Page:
3. It’s interesting that you write: “I have absolutely no clue about composing music, or the theory behind it” but then go on to say, “The whole time I am writing, I am hearing the song in my head.” You say you have no experience composing music, and yet you write to a melody—the song you are hearing. There’s a lot to explore here, but I’d simply say this: You don’t need to have a degree in music theory to write a compelling song . . . just a good ear and feel to what folks want to hear. Actually, I’ll amend that . . . just a good ear and feel to what YOU want to hear . . . because chances are what you want to hear is exactly what others are longing to hear as well. And lastly, the fact that you have some melody in mind—“I usually sing it to myself a few times to make sure it is singable”—suggests to me you have more than meter and syllables in mind. That’s a good thing, IMHO.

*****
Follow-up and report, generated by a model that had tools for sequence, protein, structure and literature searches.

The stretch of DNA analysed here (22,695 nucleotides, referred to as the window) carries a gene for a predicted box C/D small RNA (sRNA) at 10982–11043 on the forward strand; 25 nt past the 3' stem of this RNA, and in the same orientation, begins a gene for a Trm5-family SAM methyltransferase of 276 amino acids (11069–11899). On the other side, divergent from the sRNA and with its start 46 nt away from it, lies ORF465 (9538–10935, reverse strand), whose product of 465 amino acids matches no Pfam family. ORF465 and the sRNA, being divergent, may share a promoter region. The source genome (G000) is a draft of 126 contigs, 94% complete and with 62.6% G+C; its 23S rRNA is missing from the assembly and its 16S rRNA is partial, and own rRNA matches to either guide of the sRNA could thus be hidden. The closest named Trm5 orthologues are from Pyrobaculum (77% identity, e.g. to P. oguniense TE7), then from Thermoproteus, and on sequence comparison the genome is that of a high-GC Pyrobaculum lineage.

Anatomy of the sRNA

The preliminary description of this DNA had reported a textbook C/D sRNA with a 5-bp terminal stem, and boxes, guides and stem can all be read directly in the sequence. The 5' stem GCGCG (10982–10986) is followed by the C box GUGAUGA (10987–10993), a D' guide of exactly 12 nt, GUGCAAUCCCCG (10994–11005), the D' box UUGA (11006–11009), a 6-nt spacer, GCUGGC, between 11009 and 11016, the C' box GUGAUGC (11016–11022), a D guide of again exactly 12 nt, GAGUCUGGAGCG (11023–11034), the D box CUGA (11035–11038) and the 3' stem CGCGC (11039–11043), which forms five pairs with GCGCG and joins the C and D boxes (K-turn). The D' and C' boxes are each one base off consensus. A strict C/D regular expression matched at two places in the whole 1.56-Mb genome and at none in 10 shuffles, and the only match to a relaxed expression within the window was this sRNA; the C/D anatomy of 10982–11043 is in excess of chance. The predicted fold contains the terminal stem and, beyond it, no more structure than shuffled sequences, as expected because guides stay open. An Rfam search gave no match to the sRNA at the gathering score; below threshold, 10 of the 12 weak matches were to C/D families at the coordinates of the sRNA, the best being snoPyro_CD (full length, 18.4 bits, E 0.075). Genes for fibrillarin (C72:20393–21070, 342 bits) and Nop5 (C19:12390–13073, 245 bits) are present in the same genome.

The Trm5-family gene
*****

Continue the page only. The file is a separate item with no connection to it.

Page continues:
4. As for your ultimate question, conceding the answer is subjective, I’d say “NO,” you can’t naturally write melody. It goes to your point of why lyrics can often be used in different genres, and with different melodies—the lyric itself is not limiting. If you are writing absent a melody, you are writing verse—poetry—that depending on how it’s written may be adaptable to song. In contrast, it’s only fair to note that some melodies simply aren’t receptive to lyrics. Music and lyrics are a partnership, each contributing to and enhancing the other—and sometimes demanding compromise to be something special.

Just the thoughts of an amateur, for what little they are worth.

My best you,

Deej


Hi Deej,